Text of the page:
Our products technology is based on science of materials, providing nanostructured particles that can be administered intravenously, and, through the bloodstream they can reach cancer cells, interact with them through a biological process and release a drug within. This leads to reduction of therapeutical doses, with a consequent therapeutic efficacy improvement and without toxic and side effects. NanoSiliCal Devices designs and produces the following products.

MSN carriers of a pro-drug and a targeting function

Mesoporous silica-based nanodevices (MSN) bearing a targeting molecule on the outer surface and an antineoplastic pro-drug linked within the pores by means of a pH-sensitive bond, as vehicles for targeting and release of biologically active molecules, are developed to be employed in targeted therapy. Suitable nanostructuring of matter better than with polymers because of nanoarchitecture and surface reactivity. Their pH-sensitive bond provides pro-drug (a biologically inactive form) delivery through the bloodstream (pH 7.4), until nanosystems reach the target tissue (pH 4-5), where they release the active form of the drug.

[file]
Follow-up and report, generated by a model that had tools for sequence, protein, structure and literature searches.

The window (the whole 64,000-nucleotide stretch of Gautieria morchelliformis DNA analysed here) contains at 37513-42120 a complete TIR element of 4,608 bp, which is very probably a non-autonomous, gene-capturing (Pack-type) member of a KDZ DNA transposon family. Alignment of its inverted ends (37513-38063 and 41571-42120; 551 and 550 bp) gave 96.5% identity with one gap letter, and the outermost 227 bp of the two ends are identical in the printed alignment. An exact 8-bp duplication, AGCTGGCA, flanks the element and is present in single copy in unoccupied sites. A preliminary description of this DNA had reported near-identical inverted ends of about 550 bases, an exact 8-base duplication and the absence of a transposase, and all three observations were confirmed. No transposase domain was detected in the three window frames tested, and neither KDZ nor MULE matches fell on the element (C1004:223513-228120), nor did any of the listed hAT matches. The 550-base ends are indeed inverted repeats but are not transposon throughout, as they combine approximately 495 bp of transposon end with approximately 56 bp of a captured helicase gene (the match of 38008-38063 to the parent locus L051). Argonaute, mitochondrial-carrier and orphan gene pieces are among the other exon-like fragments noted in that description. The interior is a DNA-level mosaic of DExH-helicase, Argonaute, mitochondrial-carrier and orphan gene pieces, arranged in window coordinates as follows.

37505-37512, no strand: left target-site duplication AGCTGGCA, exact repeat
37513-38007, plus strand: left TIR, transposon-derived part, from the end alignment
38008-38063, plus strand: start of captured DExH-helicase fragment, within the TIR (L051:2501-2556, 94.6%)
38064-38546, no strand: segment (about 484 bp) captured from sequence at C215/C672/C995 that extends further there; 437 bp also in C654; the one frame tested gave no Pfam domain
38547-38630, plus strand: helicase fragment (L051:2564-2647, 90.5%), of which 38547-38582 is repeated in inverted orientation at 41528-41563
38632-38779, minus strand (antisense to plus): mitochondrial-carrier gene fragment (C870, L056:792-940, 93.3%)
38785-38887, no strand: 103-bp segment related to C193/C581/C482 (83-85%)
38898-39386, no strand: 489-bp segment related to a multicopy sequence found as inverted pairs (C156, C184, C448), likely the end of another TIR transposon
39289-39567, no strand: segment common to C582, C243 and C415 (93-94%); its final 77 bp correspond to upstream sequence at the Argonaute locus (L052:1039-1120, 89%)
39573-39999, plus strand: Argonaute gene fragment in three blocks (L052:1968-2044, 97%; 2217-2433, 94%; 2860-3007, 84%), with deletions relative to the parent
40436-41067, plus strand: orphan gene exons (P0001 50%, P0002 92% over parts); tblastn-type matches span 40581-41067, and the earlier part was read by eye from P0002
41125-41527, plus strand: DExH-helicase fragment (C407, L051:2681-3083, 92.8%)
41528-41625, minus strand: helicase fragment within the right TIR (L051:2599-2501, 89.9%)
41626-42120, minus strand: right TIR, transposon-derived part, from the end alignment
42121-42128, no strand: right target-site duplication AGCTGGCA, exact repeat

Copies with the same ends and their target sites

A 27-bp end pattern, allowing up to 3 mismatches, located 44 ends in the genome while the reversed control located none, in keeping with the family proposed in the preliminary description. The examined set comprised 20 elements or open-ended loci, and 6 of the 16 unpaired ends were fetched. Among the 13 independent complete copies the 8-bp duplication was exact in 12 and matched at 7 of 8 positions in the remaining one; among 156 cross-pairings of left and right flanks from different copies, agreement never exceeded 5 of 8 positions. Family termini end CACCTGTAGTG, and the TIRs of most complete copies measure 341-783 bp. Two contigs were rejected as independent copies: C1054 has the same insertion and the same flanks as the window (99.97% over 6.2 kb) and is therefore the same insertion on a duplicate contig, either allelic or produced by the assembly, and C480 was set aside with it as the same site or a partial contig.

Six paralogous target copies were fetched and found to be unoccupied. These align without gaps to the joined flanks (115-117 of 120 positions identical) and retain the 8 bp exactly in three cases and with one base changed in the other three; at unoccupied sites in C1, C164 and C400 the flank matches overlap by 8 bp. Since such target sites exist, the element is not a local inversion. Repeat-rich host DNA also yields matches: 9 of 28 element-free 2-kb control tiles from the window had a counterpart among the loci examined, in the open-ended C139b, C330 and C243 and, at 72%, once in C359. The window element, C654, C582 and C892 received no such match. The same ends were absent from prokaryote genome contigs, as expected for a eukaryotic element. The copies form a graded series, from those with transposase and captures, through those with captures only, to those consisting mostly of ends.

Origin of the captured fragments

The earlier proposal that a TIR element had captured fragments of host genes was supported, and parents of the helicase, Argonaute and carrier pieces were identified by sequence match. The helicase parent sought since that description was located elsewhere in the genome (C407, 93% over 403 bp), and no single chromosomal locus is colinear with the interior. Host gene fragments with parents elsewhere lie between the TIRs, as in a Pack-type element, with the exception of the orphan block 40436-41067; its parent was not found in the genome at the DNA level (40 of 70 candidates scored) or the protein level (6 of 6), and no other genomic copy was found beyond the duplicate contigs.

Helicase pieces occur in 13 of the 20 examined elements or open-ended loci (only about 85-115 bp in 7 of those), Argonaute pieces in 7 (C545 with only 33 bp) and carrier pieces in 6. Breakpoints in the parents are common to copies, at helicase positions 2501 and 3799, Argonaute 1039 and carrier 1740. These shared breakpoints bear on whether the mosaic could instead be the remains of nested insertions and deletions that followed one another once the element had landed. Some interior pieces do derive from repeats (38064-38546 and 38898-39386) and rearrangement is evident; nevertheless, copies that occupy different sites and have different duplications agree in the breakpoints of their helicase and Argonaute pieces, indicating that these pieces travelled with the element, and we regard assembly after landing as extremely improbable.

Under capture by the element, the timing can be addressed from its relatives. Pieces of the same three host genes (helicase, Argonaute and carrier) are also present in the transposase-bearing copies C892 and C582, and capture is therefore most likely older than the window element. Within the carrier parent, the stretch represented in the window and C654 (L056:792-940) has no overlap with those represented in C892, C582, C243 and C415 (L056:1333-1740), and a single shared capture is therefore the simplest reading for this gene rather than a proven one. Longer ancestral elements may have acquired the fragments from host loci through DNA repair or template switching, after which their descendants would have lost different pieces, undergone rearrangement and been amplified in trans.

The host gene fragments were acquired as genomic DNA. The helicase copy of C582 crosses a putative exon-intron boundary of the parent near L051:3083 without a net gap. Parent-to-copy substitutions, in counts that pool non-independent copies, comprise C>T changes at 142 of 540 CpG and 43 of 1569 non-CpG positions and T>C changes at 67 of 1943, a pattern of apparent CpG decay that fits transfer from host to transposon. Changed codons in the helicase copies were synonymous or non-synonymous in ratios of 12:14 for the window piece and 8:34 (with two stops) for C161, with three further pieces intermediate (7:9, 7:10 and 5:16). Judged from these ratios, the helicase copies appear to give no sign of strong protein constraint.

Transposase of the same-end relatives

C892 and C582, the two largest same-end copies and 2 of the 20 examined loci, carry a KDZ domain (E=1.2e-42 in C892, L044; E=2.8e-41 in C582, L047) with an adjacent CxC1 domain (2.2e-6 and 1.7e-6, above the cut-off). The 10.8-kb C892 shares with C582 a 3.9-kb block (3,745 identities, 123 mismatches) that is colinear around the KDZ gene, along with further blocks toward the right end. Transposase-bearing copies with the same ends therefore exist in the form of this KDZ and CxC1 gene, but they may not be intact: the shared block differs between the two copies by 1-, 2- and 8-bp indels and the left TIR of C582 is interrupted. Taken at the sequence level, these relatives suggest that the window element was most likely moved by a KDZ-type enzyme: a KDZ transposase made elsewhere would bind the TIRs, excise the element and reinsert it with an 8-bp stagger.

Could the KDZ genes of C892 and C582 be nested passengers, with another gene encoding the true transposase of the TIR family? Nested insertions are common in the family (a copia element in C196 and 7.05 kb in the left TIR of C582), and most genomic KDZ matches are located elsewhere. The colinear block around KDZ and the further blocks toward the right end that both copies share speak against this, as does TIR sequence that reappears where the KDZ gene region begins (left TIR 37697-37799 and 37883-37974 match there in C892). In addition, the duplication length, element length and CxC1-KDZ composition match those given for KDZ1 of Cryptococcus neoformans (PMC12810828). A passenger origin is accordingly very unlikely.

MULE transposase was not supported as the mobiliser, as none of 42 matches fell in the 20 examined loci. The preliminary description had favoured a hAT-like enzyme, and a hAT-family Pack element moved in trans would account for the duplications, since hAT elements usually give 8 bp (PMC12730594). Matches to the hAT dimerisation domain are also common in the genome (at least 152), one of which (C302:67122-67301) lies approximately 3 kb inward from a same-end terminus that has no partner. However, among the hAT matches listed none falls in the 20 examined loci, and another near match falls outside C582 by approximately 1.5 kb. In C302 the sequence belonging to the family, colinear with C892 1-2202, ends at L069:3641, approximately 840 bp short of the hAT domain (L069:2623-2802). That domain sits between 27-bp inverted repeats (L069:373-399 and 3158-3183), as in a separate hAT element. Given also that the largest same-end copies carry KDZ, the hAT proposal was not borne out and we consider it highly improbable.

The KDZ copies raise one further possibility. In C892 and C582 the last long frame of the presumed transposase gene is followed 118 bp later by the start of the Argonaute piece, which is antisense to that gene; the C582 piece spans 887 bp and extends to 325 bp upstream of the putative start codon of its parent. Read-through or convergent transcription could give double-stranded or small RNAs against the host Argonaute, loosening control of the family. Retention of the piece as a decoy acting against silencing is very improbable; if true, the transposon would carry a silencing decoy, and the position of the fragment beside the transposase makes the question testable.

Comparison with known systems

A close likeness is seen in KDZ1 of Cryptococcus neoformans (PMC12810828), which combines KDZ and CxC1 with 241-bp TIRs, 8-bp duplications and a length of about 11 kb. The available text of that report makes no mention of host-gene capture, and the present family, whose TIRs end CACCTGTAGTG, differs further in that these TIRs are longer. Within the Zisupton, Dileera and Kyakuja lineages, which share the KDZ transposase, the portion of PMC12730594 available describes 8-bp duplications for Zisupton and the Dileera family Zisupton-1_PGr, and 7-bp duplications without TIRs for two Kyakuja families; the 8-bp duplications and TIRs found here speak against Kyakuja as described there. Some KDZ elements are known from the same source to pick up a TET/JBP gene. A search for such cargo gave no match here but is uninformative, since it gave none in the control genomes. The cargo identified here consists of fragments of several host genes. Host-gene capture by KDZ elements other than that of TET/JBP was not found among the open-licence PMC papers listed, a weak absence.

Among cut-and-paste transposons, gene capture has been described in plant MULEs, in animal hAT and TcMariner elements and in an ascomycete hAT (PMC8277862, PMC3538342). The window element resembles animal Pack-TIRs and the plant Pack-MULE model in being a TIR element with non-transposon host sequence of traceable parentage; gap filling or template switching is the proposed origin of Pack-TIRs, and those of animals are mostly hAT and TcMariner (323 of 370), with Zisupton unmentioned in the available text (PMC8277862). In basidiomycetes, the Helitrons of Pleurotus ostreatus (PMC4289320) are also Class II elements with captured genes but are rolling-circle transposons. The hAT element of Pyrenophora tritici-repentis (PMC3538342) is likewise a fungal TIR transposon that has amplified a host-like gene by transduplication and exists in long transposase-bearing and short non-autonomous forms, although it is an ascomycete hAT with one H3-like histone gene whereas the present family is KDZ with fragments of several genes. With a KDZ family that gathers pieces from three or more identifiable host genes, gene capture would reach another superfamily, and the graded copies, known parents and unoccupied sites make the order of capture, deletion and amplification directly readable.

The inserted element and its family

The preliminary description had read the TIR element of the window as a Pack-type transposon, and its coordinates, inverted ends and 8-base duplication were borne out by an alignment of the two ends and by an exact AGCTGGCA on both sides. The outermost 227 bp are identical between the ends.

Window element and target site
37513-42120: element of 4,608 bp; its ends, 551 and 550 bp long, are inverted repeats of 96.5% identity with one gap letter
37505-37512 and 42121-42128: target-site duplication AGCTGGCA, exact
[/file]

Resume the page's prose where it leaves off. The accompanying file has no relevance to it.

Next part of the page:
Fluorescent MSNs for imaging diagnostics

Mesoporous silicas micro- or nano-systems linked with a highly specific ligand and a fluorescent marker that allows the visualization of target cells.

MSNs linked to plasmidic DNA for gene therapy

Mesoporous silicas micro- or nanosystems coupled to a specific functional group and with pores able to include plasmidic DNA, coding for proteins that have to be expressed in cellular systems (e.g. in basic experimental research), or in a specific organism, in case of deficits associated to a particular disease (gene therapy).

MSN for drug targeting with avidin-biotin system

Mesoporous silicas micro- or nanosystems anchored, through an avidin group, to a biotin-linked specific molecule (such as a monoclonal antibody, directed against a tumor marker). The system, conjugated to a drug with pH sensitive release control, is able to promote a ligand-mediated internalization into cells, causing their death.